Paul Beaumont’s dangerous little book


‘A Brief Eternity’ is OCA student Paul Beaumont’s first novel. Shortlisted for this year’s Dundee International Book Prize, it was published in November by independent publisher Dangerous Little Books. Paul started studying with OCA in 2006 and began the novel on the level 3 Advanced Writing course. Here’s what he has learnt about writing, publishing and promoting a novel.

New writers are advised to ‘write about what you know’. It’s advice Paul has followed with ‘A Brief Eternity’, drawing on 25 years as an evangelical Christian which ended when a personal crisis prompted him to rethink his faith.  The novel began life as a 3,000-word short story about a pub quiz in which Jesus is the quiz master, written for the level 1 Starting to Write course. The story finds its way into ‘A Brief Eternity’ as one of the set pieces that punctuate the narrative.

Paul’s tutor at the time, Joanna Laurens, saw the story’s potential to become a novel.  Paul was keen to get started by putting together a top level plan, but Joanna counselled him against that approach, saying it would constrain him. ‘It’s the best advice I was ever given,’ he says.  Fast forward three years and Paul’s tutor on Advanced Writing, Liz Newman, suggested he approach her agent with the manuscript for what had become ‘A Brief Eternity’.

The agent was impressed with Paul’s work and sent the novel to Orion and Canongate, two publishers she thought might be interested.  ‘I had rejection letters from both,’ recalls Paul.  ‘Now I know there is such a thing as a nice rejection letter. They inspired me to sign up for a half-day course by Bloomsbury on how to hook an agent. That was the day I realised just how heavily the odds are stacked against writers getting published.  Some agents receive 1,000 manuscripts a month and take on just two or three new writers a year. That’s one to 4,000 odds.’

Paul’s solution? To approach publishers himself, especially those likely to be sympathetic to the type of novel he had written (a parody of the fundamentalist Christian view of the afterlife).  He remembered receiving a recommendation from Amazon for a book called,‘God Hates You, Hate Him Back’ by CJ Werleman. Werleman’s publisher, Dangerous Little Books, define their mission as being to ‘bring you the books they don’t want you to read’ and although their list was dominated by non-fiction titles Paul decided to send them his manuscript anyway. To his delight, he received an e-mail reply in just two weeks from CJ Werleman himself who, as the reader for Dangerous Little Books, recommended publication.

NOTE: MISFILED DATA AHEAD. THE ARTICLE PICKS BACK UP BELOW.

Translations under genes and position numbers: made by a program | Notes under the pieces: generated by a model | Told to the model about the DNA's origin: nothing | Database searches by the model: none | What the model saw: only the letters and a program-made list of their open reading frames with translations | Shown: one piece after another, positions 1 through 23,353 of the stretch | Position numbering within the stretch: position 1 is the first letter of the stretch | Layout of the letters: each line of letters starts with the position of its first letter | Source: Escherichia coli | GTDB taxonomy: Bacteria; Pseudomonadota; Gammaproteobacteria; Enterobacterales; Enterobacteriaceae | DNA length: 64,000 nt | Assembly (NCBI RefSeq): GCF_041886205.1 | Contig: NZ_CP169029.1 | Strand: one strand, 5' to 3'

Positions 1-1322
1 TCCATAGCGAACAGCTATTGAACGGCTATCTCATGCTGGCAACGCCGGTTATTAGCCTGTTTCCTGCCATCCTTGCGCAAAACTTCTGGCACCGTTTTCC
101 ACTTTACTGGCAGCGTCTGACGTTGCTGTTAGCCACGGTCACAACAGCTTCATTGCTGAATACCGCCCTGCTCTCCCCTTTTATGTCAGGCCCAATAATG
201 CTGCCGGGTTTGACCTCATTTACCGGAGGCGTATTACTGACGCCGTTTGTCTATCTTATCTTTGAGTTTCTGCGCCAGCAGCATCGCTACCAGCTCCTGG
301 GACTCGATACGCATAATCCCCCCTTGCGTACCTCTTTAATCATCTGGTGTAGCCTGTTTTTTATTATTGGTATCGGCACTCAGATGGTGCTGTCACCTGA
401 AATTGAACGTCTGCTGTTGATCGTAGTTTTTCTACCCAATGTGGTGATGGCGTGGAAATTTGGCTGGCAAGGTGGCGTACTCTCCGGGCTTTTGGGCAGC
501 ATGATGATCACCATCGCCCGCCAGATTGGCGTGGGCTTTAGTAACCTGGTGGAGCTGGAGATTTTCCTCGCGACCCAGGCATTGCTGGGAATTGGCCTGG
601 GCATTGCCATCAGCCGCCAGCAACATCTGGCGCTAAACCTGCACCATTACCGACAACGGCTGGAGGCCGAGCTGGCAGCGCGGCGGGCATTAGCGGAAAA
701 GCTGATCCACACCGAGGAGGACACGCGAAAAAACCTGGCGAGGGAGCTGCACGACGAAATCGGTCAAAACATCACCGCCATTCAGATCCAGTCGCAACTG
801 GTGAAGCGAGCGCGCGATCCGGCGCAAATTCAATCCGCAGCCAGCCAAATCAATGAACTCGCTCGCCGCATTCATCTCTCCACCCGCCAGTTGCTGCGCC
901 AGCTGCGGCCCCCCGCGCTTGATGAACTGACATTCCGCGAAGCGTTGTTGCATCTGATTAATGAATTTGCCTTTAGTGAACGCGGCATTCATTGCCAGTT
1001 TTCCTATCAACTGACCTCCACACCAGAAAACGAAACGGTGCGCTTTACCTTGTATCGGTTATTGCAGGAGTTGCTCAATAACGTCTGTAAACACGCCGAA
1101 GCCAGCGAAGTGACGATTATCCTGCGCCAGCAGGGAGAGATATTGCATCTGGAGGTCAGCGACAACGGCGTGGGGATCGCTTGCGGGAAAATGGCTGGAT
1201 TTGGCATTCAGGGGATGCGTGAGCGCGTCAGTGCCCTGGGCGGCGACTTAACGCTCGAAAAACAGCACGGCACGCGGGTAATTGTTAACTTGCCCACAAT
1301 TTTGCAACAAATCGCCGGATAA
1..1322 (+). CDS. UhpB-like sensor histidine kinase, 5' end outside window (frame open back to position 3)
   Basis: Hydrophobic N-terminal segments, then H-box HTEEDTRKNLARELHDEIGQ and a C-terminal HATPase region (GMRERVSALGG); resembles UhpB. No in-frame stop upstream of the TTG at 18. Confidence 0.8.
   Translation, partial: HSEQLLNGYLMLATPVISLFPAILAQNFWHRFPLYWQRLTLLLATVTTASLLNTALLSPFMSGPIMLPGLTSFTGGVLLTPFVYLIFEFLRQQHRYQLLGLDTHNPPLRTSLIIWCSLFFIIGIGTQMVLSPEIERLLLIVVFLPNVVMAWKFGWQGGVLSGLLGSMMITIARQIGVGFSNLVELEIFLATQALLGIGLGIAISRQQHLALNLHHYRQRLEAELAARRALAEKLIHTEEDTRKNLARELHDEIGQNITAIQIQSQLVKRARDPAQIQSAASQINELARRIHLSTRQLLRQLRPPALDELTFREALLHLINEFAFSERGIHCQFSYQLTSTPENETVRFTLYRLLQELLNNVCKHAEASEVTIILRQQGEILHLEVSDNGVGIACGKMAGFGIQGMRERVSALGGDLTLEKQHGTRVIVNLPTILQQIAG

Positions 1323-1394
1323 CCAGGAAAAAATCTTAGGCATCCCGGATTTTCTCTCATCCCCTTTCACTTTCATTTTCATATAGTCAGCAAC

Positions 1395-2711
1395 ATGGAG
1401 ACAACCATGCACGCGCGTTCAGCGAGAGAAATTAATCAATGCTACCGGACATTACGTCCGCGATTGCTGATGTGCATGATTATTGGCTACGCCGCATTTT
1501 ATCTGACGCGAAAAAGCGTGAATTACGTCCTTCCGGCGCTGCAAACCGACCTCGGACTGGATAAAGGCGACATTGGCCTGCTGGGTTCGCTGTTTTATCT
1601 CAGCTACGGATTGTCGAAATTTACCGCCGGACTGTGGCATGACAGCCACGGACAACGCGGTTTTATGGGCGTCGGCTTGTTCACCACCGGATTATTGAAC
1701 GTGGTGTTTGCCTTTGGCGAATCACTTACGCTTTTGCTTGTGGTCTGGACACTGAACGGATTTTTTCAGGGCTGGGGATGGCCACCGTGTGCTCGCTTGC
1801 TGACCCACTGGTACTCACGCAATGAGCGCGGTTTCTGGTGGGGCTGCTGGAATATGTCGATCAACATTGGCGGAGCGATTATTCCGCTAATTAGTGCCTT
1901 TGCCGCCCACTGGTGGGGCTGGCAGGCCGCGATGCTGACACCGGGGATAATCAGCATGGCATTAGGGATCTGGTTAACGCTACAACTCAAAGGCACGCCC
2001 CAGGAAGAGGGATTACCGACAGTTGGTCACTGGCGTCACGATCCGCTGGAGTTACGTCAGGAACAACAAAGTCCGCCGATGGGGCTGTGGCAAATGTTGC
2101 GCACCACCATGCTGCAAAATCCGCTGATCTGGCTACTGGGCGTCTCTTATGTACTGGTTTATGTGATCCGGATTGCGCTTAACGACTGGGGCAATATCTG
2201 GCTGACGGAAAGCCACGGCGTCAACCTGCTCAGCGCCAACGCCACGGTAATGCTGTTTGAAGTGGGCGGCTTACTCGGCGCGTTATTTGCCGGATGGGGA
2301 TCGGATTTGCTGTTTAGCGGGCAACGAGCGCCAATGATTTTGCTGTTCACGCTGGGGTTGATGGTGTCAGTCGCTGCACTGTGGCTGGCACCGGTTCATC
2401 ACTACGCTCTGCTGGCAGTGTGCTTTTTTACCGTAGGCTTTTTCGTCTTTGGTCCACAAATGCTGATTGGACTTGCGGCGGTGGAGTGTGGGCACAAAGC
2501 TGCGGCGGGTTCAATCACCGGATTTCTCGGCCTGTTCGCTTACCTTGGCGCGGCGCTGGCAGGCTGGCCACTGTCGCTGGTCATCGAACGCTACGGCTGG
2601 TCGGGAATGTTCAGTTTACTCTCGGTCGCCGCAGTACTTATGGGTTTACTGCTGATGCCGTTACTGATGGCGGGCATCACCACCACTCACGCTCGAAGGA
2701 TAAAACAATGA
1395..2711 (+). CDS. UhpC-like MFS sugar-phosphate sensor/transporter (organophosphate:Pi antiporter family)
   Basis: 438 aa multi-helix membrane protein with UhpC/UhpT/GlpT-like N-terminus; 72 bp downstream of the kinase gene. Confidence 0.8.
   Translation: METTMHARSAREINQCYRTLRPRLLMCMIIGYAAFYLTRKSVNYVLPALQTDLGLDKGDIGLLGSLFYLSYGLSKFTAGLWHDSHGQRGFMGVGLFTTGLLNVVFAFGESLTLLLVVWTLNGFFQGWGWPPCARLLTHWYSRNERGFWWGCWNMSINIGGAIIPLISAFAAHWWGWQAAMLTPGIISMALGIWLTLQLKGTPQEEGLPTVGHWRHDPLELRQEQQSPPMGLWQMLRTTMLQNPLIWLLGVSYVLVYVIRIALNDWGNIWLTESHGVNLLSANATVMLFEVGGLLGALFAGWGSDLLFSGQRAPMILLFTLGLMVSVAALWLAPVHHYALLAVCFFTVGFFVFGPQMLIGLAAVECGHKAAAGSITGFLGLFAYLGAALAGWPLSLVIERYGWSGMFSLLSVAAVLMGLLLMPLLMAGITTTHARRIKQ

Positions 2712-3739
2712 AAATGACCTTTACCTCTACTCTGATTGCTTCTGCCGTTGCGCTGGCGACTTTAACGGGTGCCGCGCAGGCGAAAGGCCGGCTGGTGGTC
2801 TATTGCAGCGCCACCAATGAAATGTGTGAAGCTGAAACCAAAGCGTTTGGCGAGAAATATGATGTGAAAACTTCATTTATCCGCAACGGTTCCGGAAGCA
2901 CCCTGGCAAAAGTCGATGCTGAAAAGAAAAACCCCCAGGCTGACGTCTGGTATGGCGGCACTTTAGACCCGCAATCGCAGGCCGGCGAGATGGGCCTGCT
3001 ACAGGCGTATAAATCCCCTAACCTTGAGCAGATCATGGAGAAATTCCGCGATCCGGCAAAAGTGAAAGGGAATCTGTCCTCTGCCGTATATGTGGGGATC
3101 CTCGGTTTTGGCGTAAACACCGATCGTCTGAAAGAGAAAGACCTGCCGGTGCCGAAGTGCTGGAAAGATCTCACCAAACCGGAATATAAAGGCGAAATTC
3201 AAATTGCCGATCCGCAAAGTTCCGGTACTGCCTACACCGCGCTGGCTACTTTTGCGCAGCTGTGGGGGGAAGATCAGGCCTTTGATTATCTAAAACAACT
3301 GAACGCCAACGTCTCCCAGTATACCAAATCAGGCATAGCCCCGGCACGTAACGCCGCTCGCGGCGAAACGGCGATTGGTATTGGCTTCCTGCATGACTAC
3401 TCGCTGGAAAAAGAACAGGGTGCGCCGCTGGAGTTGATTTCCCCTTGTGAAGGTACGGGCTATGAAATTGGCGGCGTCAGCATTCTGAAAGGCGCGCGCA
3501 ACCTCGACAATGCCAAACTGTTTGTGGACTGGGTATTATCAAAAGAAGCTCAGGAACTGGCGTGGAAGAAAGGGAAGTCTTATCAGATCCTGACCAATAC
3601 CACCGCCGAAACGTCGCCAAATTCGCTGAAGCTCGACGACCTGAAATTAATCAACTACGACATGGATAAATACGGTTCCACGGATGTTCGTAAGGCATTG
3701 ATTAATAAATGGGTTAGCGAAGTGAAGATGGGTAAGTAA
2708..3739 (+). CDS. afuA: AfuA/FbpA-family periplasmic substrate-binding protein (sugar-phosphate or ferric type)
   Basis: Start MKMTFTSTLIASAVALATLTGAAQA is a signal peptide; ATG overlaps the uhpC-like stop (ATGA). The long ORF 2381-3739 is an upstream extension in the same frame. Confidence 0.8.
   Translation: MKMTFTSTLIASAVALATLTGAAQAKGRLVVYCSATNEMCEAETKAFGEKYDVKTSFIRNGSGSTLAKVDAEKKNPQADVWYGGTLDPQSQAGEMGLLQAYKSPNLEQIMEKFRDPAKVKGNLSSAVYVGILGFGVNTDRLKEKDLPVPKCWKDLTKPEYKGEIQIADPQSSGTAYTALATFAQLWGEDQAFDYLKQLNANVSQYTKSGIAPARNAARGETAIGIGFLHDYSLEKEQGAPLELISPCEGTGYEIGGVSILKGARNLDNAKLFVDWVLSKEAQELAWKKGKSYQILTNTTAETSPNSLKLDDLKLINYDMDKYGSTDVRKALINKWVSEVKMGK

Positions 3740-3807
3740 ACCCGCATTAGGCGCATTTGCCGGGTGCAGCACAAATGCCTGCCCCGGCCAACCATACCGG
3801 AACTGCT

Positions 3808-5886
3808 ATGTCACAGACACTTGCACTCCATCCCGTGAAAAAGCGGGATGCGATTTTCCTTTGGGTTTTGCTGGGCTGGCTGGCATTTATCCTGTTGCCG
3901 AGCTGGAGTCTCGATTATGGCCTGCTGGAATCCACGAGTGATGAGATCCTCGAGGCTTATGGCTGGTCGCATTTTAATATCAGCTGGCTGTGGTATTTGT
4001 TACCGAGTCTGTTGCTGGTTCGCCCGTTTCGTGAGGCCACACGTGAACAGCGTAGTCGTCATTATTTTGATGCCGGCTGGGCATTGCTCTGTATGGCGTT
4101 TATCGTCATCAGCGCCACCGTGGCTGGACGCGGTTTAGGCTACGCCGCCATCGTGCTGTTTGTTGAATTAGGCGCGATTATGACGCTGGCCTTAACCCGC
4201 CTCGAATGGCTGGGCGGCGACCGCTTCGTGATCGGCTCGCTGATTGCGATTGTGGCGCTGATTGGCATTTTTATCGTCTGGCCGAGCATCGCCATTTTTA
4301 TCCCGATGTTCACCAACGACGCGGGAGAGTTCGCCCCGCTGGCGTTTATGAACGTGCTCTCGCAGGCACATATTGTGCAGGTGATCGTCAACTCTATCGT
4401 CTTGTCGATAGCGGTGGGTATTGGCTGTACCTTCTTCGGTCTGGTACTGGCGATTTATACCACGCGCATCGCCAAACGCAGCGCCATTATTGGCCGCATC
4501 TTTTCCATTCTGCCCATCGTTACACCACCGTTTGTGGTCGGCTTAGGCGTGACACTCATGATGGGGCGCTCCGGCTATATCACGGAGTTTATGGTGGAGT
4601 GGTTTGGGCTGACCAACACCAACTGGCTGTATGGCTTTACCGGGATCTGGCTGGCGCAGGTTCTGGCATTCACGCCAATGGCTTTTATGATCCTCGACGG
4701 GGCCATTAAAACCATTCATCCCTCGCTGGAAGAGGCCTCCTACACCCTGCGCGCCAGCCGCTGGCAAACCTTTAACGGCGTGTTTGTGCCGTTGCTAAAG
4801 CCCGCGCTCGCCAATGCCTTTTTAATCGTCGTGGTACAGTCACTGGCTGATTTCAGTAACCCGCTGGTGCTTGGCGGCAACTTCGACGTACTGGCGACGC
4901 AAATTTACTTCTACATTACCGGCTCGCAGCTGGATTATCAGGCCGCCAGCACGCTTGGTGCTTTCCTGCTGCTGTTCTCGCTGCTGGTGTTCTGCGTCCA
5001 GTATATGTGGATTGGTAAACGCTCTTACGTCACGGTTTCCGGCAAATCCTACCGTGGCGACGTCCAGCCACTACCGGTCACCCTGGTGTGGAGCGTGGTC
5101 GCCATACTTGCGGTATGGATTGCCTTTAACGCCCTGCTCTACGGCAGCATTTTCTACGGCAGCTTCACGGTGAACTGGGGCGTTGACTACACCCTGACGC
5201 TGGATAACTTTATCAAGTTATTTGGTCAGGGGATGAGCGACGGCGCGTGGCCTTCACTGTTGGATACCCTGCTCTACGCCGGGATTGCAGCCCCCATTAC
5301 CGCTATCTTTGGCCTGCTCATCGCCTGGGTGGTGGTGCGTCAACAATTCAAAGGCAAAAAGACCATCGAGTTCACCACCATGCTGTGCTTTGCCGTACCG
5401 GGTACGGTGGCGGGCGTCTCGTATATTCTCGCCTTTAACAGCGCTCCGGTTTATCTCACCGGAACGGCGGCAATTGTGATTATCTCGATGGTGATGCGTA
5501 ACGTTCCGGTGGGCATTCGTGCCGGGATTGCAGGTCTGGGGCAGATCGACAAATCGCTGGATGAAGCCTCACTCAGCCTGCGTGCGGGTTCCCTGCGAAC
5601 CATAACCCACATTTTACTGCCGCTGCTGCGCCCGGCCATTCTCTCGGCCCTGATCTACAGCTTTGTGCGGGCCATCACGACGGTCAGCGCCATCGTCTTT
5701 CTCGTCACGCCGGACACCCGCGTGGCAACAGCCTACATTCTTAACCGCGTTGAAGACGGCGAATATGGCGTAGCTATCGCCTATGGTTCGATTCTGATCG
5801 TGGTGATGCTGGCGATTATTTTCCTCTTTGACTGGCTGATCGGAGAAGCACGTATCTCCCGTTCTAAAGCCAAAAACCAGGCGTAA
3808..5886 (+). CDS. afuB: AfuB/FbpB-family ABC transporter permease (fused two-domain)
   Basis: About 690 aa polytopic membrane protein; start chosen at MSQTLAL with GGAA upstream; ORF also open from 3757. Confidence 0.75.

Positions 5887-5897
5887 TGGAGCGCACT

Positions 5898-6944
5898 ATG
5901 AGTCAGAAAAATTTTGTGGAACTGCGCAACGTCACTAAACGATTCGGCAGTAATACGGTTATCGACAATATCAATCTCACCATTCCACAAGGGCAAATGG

Another do-it-yourself technique Paul has used successfully with ‘A Brief Eternity’, and which other OCA writers could consider, is to invite people with an interest in what you are writing about and who pack some punch to read your book and review it. Good publishers do this anyway, but there’s nothing to stop authors doing it too. Paul had read ‘Godless’ by former US Minister-turned-atheist Dan Barker and found his Freedom From Religion Foundation through a Google search.  Dan read Paul’s manuscript and wrote a review in praise of it. Dangerous Little Books has included the review in the published book.

Paul Beaumont’s ‘A Brief Eternity’ is available in paperback, hard cover and Kindle edition format.


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13 comments for “Paul Beaumont’s dangerous little book

  1. 5 December 2013 at 11:38 am

    Congratulations Paul. It certainly looks a provocative read and, having read the reviews, I can see where ‘subversive came from.

    • 5 December 2013 at 8:06 pm

      Thanks Catherine. ‘Subversive’ was the word Liz chose to describe it, but I think it’s a good one. I hope the book is entertaining and provocative rather than offensive. If people are offended it will be interesting to find out why, wouldn’t it?

  2. 5 December 2013 at 6:29 pm

    Well done Paul. It’s a real achievement getting shortlisted for the Dundee Book Prize. “A Brief Eternity” sounds like just the right Christmas gift for a certain sort of reader! Congratulations on this impressive debut. Hope your success will inspire you to keep writing and that you’ll bring out a second novel before too long.

  3. 5 December 2013 at 8:07 pm

    Thank you, Chris. Watch this space…

  4. Gareth
    5 December 2013 at 8:34 pm

    Have just downloaded it to my Kindle. Have only got through the first few chapters but the rapture description is brilliant. I must be what Chris describes as ‘a certain sort of reader!’

  5. Carlie
    6 December 2013 at 9:01 am

    Well done, Paul! This is great news and inspiring for other OCA writing students 🙂

  6. carol
    6 December 2013 at 8:55 pm

    Fantastic to hear your progression from level 1 assignment to fully published novel – well done! I loved hearing about how you made it happen. I’m not a writer but I still find this very inspiring – all we creative types need to be a bit enterprising when it comes to getting our work out there. Bravo!

    • 6 December 2013 at 9:10 pm

      Thank you, Carol; that’s a lovely response! Good luck with getting your own creative stuff ‘out there’. If I can do it, anyone can…!

  7. 7 December 2013 at 11:53 am

    Well done Paul!
    (I like the cover design!)

    • 7 December 2013 at 10:29 pm

      Thanks Dewald; we spent a lot of time deliberating over that. I hope you like what’s inside, too!

  8. Elizabeth Underwood
    9 December 2013 at 4:31 pm

    If there are other OCA writers with a manuscript finished or almost finished, Rethink Press are looking for two new novels to publish in 2014. The closing date for submitting them is 31 January. All the details are at and the entry fee is £15 per novel.

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